(If, like me, you are unfamiliar with the plot, skip to the end of the post for a synopsis).
It was interesting to see it so soon after having seen 'A Midsummer Night's Dream' as, like that play, it features Theseus and Hippolyta, just before their wedding (although here they are interrupted by a small war!)
I think the costume designers had fun with this production - Duke Theseus (Gyuri Sarossy) shows up for his wedding in a glorious, gold-frogged military greatcoat over a Greek-themed shirt, he goes hunting and maying in blinged-up motorcycle leathers, with 3D skulls on the shoulders!
He's also surprisingly wiling to put of his wedding in order to go fight a battle, and seemed clsoer to, and more attracted by, his (admittedly extremely attractive) friend Pirithous than to his bride!
Hippolyta (Allison McKenzie) has a gold helmet and tribal tattoos, and looks every inch the warrior queen.(She also, at one point, had an entirely unexplained chainsaw, which I suspect may not have been mentioned in Shakespeare's original script and stage directions)
|Palamon and Arcite (Photo from RSC website)|
I really enjoyed the production - there was a very strong cast, the plot (through preposterous) moves swiftly and there is a lot of humour, despite the somewhat bloody plot. It's a play about love, as much as anything. Arcite and Polamon are at all times, even when fighting one another, very close, and poor Emilia, the cause of their discord, is herself unenthusiastic about either of them and describes her far closer, and deeper feelings for a female friend.
The Jailer's Daughter (Danusia Samal) who is, Ophelia-like, driven mad by unrequited love, is a fascinating character - vulnerable and yet, of all the characters, genuinely loved. Her father, uncle and suitor all working together to try to heal her, and despite her not being named, is one of the more rounded characters.
Well worth seeing.
For those who, like me, are unfamiliar with the play, the plot is fairly straightforward.
Theseus, Duke of Athens, is about to marry his Amazonian bride, Hippolyta, then the celebrations are interrupted by the arrival of three widowed queens, who beg him to drop whatever he is doing, and rush to Thebes to fight the tyrant Creon and allow them to find and bury their husbands, slain in battle and denied proper rites. Theseus agrees, after some persuasion, to put off his wedding and go to fight instead. Meanwhile, noble cousins Palamon and Arcite discuss leaving Thebes in disgust at the corruption there, but when they hear Theseus is attacking, they decide to fight for their city, if not for their Duke.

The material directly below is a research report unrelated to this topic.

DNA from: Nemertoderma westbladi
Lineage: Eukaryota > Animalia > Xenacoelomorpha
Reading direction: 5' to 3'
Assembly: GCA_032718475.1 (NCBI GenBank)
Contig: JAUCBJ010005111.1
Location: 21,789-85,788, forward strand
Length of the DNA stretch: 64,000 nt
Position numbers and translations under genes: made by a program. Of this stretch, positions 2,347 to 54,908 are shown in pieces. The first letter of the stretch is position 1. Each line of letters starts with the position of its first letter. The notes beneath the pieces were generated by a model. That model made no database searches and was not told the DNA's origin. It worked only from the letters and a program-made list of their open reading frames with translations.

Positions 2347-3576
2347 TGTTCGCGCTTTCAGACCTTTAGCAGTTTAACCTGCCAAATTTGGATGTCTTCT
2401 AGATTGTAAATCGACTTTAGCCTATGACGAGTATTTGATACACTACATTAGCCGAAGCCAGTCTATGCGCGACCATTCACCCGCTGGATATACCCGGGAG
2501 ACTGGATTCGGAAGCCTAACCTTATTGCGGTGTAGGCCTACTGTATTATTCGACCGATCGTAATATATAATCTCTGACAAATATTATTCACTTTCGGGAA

Theseus is, naturally, victorious, and Palamon and Arcite are taken prisoner. While imprisoned, they see Hippolyta's sister, Emilia, and both fall instantly in love with her, and fall out with each other. Arcite is then released by Theseus, on condition her leaves the country, but chooses to remain, in disguise, in the hopes of wooing Emilia. He is successful in the midsummer games and Theseus (who totally fails to recognise him) gives him a post as servant to Emilia. Meanwhile, Palamon remains imprisoned. His jailer's daughter falls in love with him and releases him, hoping he will love her back (He doesn't, so she goes mad, gets caught up with some Morris Dancing (which probably doesn't help) and then, on the advice of a Doctor called in by her father) is cured by her former suitor posing as Palamon.
Arcite finds Palamon in the forest, brings him supplies and feeds him up until he is fit enough to fight to the death over Emilia. They are discovered by Theseus, who admires their manliness, so rather than executing them sends them home to prepare, prior to a duel to the death involving their closest friends as well as themselves, with the winner to marry Emilia and the loser to be executed. Their friends are surprisingly ready to agree to this.
"So mate, will you come and fight for me? If we lose, we all get executed. If we win, I get to marry the girl"
"Sure, why not Sounds fun"
Both pray to the gods and receive encouragement from them, and prepare to fight.
Arcite wins the duel, but is then stumbled to death by a horse, and has a tearful-but-manly farewell scene with Palamon, to whom he bequeaths his bride-to-be, so that Palamon (and his friends) are not, after all, executed.
Emilia, you notice, has no say in any of this, but ends up with a *very* manly and only slightly battered husband, so is presumed to be happy.
The play is on in Stratford until 7th February 2017, so you've plenty of time to see it!